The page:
doesn’t map to the reason that I’m making use of those things. – [Audience Member] Is that the functional non-functional– – [Mark] It is, right. – [Audience Member] That
might be worth explaining because it’s an exception to the whole– – [Mark] Right. Copyright law protects the creative aspects of things but not either the underlying idea or the functional elements of things. And that can look a little weird. At a basic level it means I get to, I can’t copy your novel, but I can write a novel that has a number of the same elements. It has a love triangle and a sort of murder in a locked room and whatever else. – [Audience Member] The exception also means there’s a large body of folks which, I’ll say I’m in the camp, but most of software is
probably not copyrightable. – [Mark] Yeah, so right. We copyright computer source code, but one of the oddities is, right, in theory we are protecting only the, only the creative and not the functional aspect to that code– – [Audience Member] Seems like front-end interface not the stuff that we actually– – [Mark] Wait. It may also mean that the worse you are at writing code, the
more protection you get. If you got from A to B by going in a straight line, that’s functional. If you kinda meandered all over the place, you gotta lot of, exactly. I mean, so what we’ve really done is basically used that to prevent primarily exact copying of code. But there are cases, including the Oracle versus Google case going on right now, right, in which we’ve broadened that universe pretty broadly to effectively get some control over functional stuff. I think the answer is there oughta be a way for an AI to
use the unprotectable parts of a copyrighted
work, and the problem is that everything involves making a copy of the whole thing to ingest it, and that’s how you get in trouble. But we oughta– – [Audience Member] Unless
it’s an ephemeral copy. – [Panelist] You could make, right, you could make milliseconds long, right, the courts have tested
millisecond long copy, at some point in the spectrum, it’s not deemed a copy
even if though logically– – [Mark] The law there is a bit of a mess. In the second circuit you seem to have at least a second. You’re making a copy that only lasts for a second is transitory duration. Here in the ninth circuit, the courts very early on held that turning on your computer is an act
of copyright infringement. Because you’re loading
data into RAM memory every time you’re turning on a computer, and so you’re making a copy. I think that’s silly, but it’s out there. – [Lisa] New question in the back. – [Audience Member] Just kind of a wild card question about to the extent there is a copyright in the database, so apart from the trade secrets issue, (mumbles) such as a Google controls the large database it won’t license it. Could there be a scenario where a government could impose
eminent domain on that? For the public good? – [Mark] Yeah. The problem is if you
impose eminent domain you gotta pay for it, right? – [Audience Member] Unless it’s Bayh-Dohl. Unless the government is funded– – [Mark] No, on the patent
side, on the patent side, right. But we don’t have a copyright equivalent of Bayh-Dohl, that’s right. And so I will say, in the trade secret context, Jim mentioned earlier that sort of FDA and other things, when we cited food and insecticides and various other chemicals had to list all of the ingredient labels, we took a bunch of people’s trade
secrets from them, right? And we had to pay for it. – [Panelist] It depends
on how much, right? In a lot of those things, the courts held that the requiring to
list your ingredients did not reveal the whole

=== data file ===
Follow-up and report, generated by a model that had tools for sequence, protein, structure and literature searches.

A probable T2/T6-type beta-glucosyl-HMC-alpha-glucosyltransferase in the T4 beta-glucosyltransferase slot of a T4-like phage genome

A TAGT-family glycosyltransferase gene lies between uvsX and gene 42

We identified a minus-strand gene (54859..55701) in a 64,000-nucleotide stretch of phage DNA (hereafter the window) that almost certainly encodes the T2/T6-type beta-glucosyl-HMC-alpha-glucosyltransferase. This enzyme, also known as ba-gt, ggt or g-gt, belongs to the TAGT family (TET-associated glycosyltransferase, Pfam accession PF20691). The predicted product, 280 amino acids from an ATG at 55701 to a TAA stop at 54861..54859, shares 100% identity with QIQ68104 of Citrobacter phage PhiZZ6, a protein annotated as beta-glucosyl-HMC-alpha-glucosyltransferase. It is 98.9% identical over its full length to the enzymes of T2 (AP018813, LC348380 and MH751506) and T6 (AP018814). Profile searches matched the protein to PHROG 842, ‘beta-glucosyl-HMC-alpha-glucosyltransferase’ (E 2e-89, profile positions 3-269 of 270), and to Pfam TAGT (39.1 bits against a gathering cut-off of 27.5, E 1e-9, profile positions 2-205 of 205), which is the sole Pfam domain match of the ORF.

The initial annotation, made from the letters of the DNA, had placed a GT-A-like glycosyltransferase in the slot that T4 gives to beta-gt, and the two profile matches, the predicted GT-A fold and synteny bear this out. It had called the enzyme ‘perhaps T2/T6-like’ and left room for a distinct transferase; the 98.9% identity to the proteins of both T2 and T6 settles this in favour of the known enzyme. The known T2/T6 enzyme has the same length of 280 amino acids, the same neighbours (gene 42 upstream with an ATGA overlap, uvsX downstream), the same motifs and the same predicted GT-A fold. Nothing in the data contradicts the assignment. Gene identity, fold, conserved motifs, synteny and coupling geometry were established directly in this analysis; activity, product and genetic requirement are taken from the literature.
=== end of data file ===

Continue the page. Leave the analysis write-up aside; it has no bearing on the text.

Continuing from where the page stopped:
process and formula. And if you were to take the whole process and formula,
that would be a taking. But there is this line between regulation and taking. And just listing ingredients if it doesn’t reveal how to make it, doesn’t pass the essence of the secret, then the government hasn’t taken it. – [Mark] So the food, for food it hasn’t taken it. For insecticides where we actually had to give the percentages, the court, Montana versus (mumbles) says
it is a taking, right, so. – [Panelist] Yeah, well
there they gave it up. What had been filed got released. So the property such as it
was, was gone through that. So yes, eminent domain would apply. Trade secrets are treated as property. So it could be done but there is a very important health and safety regulatory framework to all this, right? I mean because you can’t say, if you have hazardous chemicals,
right, the fire department will not have to pay you to make you tell them what you have. – [Audience Member] Right,
but I’m just thinking the use of a data set for machine learning purposes for a social benefit. – [Mark] I think there’s gonna be substantial pressure, whether it takes the form of eminent domain or not, I think there’s gonna be substantial pressure in a number of fronts to make sure that you know what, if this
is actually determining how safe your car is, we want not only Google to have access to that data, not only company access. If it’s medical surgery or medical diagnostics, if it’s criminal sentencing. But probably that will sort of spread to a bunch of other things
like loan, bank loans. Maybe not weather prediction, although I can see the argument for that, right? But I think a number of kind of databases that are integral to AI that has some public safety or health effect or some kind of fundamental
life activity effect, there’s gonna be strong pressure to get access to that information and that’s gonna push against the trade secrets. – [Audience Member]
Every time Tesla updates over the air, they’re begging for this reacting, in my opinion, right? Because it’s the combination of we just changed the software on everything on the road. You don’t really know what that was or the data behind it. I’m sorry I know you’re a fan, but. – [Mark] Tesla actually separates the drivetrain software from the, actually air-gaps the
drivetrain software from the computer control software. But, that said– – [Audience Member] So
the autopilot’s not– – [Mark] No, you’re right. I think that’s right. There’s also the question of in what form is that information useful? So it’s not obvious that, sort of, just that information is valuable to anyone other than, who doesn’t already have a tesla algorithm, and this goes back to the, some combination
of the explainability and what do I get. Is the deposit actually helpful? All right, so we are out of time. Thank you guys. I walked in here thinking I’m not sure we have two hours to fill, but you guys helped us fill it. So thank you. (audience clapping)